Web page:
A proposed new St. Paul Saints (independent; American Association) ballpark and a renovation of Duluth’s Wade Stadium could be part of any bonding bill for a new Minnesota Vikings stadium — but the Legislature is unlikely to meet in special session to consider the issue.
The state of Minnesota made national headlines with a 20-day government shutdown before Democratic Governor Mark Dayton and Republican leaders in both chambers set aside their differences to come to a budget agreement. But they left one big issue on the table: a funding plan for a new Vikings stadium, which includes $350 million in state money.
Dayton has indicated he would call the Legislature back into session if an improved Vikings funding plan is prepared — legislation was introduced late in the session and was admittedly full of holes — and could be included as part of a larger bonding bill. That’s good news for the Saints and the Duluth Huskies (summer collegiate; Northwoods League), whose ballpark projects passed muster early in the legislative process but fell by the wayside while the Legislature focused on passing a balanced budget.
The Saints are proposing a new $50 million ballpark in downtown St. Paul’s Lowertown area, adjacent to the popular Farmers Market. Under the current funding plan, the state would pay $25 million toward the ballpark, with the rest coming from the team and the city. In the case of Wade Stadium, the city is seeking $5.7 million from the city to help pay for a $10-million renovation of the WPA-era facility, which is badly in need of some TLC after decades of neglect.
Why would these two facilities be rolled into a Vikings bill? Politics. Passage of any bonding bill focused mainly on the Vikings will bring out stadium opponents on both sides of the aisle. Given the way it’s structured at the moment, any bonding bill will probably need some DFL assistance for passage. DFLers from both St. Paul and Duluth may be a little more inclined to support a Vikings stadium if there are some dollops of public dollars for their local projects. Really, it’s how bills are passed.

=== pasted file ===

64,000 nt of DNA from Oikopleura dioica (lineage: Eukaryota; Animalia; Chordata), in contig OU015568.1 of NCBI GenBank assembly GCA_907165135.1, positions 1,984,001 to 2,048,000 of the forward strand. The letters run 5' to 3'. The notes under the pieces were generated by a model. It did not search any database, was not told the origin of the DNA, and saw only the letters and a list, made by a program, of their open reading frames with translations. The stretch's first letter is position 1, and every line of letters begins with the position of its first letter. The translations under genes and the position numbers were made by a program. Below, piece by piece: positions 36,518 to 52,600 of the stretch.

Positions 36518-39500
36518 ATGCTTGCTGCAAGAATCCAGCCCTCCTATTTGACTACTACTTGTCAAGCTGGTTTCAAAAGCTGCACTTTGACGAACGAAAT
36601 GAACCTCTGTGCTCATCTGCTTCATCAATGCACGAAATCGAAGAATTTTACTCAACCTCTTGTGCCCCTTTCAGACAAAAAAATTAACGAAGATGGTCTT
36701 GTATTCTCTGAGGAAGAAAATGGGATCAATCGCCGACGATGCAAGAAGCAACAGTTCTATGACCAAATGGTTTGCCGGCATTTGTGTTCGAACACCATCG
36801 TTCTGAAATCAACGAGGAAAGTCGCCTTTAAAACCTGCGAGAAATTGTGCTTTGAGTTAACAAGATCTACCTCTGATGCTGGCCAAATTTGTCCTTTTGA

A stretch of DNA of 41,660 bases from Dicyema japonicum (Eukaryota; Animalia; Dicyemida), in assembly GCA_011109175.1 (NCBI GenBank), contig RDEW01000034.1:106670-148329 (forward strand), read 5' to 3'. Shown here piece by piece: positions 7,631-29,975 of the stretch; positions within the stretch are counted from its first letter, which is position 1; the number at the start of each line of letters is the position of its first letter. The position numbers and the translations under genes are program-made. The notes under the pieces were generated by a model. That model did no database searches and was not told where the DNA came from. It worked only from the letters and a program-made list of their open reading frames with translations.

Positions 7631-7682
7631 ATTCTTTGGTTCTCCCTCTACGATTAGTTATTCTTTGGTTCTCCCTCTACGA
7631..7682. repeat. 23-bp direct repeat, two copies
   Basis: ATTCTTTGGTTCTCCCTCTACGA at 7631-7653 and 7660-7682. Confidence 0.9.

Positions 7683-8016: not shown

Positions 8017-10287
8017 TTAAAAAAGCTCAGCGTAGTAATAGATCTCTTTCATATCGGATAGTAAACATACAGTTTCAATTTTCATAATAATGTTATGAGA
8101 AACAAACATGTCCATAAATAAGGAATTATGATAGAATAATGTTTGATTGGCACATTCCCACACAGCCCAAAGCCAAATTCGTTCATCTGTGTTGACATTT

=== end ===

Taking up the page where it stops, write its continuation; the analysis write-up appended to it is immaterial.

Still, observers we’ve chatted with don’t think there’s a very strong chance a Vikings bill will be taken up in a special session, despite some pressure from the team to come to a decision. There are some definite deadlines at play here: with Los Angeles seemingly moving forward with at least one new stadium — and probably two — the Vikings will be an attractive target for relocation because their Metrodome lease ends at the conclusion of the 2011 season. Now, the Vikings have made no threats to leave and probably will stick around if it looks like a stadium bill will eventually happen, but something happening in the 2012 session is looking more and more likely. And that will probably go for the Saints and Huskies ballpark proposals as well.
RELATED STORIES: Minnesota Legislature adjourns with no Saints ballpark funding; Bill funding Saints ballpark introduced in MN State Senate; Clock ticking on new Saints ballpark funding; New funding plan on horizon for Saints ballpark?; Could Ted Mondale help build a new Saints ballpark?; Dayton proposes $20M for new Saints ballpark; St. Paul makes Saints ballpark state-funding priority; First look: Proposed St. Paul Saints ballpark
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